or those interested, the Fox new drama, The American
Embassy, was actually called Emma Brody after its lead character
played by newcomer Arija Bareikis, who looks like a healthy Calista Flockhart.
The show's title was changed to The American Embassy in the aftermath of
the terrorist attacks on 9/11, and in a way the move could be seen as catering
to the patriotic fervor in America at the moment. Then again, the show is
based on an American woman working in the American embassy in London, so the
change of name seems appropriate, and even smart on the part of the producers.
The American Embassy opens with a very interesting
and fast-moving Teaser. We meet Emma and learn, in less than a minute, her life
up to his point. Ohio State college graduate who dropped out of law school but
is now looking for a change of scenery from her overbearing mother, her soulmate
of a sister, and a fiancée who cheated on her before their wedding. On the
plane ride over, Emma encounters Doug Roach (David Cubitt), a charming American
with a satchel handcuffed to his wrist. Doug is a CIA spook who also works at
the American embassy in London and who immediately charms his way into Emma's
life. They have a brief encounter in the plane's bathroom until Emma decides she
doesn't want to be a part of the Mile High club. Arriving in London, Emma is
almost run over by a car "going in the wrong direction," and here ends
the Teaser. Let me just say that this is one of the best Teasers I've seen in a
while for any pilot show. Fast, informative, and funny.
Surprisingly for a drama, The American Embassy
manages to maintain its fast, brisk pace throughout the pilot. An amazing feat,
as many dramas are incapable of blending good pacing with an interesting
storyline, and it seems to be a matter of either/or. The American Embassy
looks and feels like a series of greeting cards flashing onscreen. Emma narrates
the entire episode in a letter to her sister Jules back at home, adding to the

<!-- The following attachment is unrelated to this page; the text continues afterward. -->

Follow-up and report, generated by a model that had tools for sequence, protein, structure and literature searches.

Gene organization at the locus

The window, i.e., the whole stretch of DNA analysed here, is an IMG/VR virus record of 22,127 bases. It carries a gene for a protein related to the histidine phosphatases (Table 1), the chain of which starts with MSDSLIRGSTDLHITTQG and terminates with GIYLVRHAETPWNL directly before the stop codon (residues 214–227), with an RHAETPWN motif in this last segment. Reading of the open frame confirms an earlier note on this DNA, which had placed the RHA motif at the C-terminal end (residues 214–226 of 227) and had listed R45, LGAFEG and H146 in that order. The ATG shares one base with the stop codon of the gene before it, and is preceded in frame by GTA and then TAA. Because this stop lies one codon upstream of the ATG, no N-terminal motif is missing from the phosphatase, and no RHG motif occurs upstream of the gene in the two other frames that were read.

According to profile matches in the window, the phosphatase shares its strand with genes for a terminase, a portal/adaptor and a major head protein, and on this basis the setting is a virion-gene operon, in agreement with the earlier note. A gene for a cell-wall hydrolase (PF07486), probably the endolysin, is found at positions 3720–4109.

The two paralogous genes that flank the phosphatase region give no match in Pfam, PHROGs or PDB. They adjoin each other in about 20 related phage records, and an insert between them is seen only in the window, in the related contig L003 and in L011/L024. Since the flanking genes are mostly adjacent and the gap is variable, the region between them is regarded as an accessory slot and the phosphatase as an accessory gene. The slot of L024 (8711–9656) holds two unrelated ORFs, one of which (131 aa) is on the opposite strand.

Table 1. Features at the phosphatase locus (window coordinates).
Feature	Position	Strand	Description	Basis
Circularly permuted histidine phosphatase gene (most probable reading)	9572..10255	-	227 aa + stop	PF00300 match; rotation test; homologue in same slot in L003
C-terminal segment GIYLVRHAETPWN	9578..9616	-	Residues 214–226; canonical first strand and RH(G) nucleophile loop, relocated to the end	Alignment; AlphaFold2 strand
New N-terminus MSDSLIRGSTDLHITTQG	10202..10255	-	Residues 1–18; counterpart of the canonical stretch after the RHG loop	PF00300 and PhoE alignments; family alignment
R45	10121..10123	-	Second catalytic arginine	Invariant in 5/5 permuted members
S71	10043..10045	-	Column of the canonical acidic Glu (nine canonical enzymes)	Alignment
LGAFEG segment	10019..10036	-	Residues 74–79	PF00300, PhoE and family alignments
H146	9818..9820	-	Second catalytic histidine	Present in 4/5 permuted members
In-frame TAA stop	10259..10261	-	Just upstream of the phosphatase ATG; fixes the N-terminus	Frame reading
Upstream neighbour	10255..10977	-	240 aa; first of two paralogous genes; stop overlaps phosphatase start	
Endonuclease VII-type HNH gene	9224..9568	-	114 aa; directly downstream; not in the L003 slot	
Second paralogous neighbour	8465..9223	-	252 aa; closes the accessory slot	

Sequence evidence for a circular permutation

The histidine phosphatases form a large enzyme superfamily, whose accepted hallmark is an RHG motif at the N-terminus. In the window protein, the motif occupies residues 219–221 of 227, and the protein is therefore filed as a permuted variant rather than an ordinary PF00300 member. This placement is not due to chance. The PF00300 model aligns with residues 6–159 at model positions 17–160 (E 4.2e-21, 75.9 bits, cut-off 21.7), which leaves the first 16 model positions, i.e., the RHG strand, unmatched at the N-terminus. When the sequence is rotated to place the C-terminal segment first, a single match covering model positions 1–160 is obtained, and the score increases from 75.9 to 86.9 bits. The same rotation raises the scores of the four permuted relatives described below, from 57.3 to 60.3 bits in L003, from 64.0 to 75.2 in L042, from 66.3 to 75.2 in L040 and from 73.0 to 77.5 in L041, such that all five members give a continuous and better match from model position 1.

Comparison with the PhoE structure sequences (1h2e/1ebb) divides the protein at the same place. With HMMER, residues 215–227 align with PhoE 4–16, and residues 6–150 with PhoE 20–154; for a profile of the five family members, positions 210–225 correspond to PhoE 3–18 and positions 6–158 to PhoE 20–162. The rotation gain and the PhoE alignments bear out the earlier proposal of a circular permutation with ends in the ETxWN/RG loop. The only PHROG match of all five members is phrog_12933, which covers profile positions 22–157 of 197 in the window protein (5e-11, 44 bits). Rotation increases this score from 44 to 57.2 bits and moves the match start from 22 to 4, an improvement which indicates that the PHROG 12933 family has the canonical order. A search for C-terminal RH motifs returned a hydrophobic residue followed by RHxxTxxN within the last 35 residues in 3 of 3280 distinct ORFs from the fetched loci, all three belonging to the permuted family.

postcard vibe. The scenes flow very well into each other and despite quick
introductions and quick exits of various characters, some at the Embassy and
others at home, we get a good feel for all of them. This may be because of the
good actors involved, as everyone seems to have a firm handle on their parts.
This is a big problem with a lot of pilots because of the time limits and the
need to introduce everyone quickly in spurts of "Hey, I'm this, I do that,
see ya" before the credits roll. The American Embassy doesn't seem
to have the same problem. Although I have to admit that there were so many
characters I didn't quite remember everyone's name without having to confer with
the credit list, although strangely enough I remember their jobs. Greg the
neighbor and Doug the CIA agent were the two standouts besides Bareikis as
The one thing that is imperative for any series of any
genre to work is the likeability of its lead (or leads). Producer/creator James
Parriott has struck gold with Arija Bareikis, a relative newcomer to television
(or at least to me), who is likeable, vulnerable, and smart at the same time.
It's very easy to empathize with 28-year old Emma, as she is overwhelmed with
London, her job, and an emerging love triangle between her, Doug, and a handsome
British Lord who has a fiancée. Add to that a runaway 12-year old American girl
hiding with her father, a roommate whose idea of sex is to let everyone in the
country know about her every orgasmic moments, and a cross-dressing neighbor who
turns out to be the perfect neighbor.
As Doug, the enigmatic CIA agent, David
Cubitt is a terrific addition. His cool and calm demeanor perfectly compliments
Emma's confused and erratic life. Another actor who plays the third part of the
love triangle doesn't fare so well, as he comes across as vanilla and, well,
boring. Another peripheral character, Dewey, ends up having a great impact as an
American tourist who blackmails the Embassy to send him back home to the States
by taking off his clothes and refusing to leave.
The episode's director, Stephen Surjik, does a great job of
weaving through the hustle and bustle of an ordinary day at the Embassy and
still keep everything coherent. We get a good feel for Emma's job and her bosses
and colleagues. The show also makes good use of music to compliment the scenes
In a nutshell, The American Embassy introduced
itself well, showing it has a firm handle on its characters and most
importantly, its lead. The pilot ends with a gut-wrenching event that is sure to
carry onto the second episode. It also ensures that I will be there.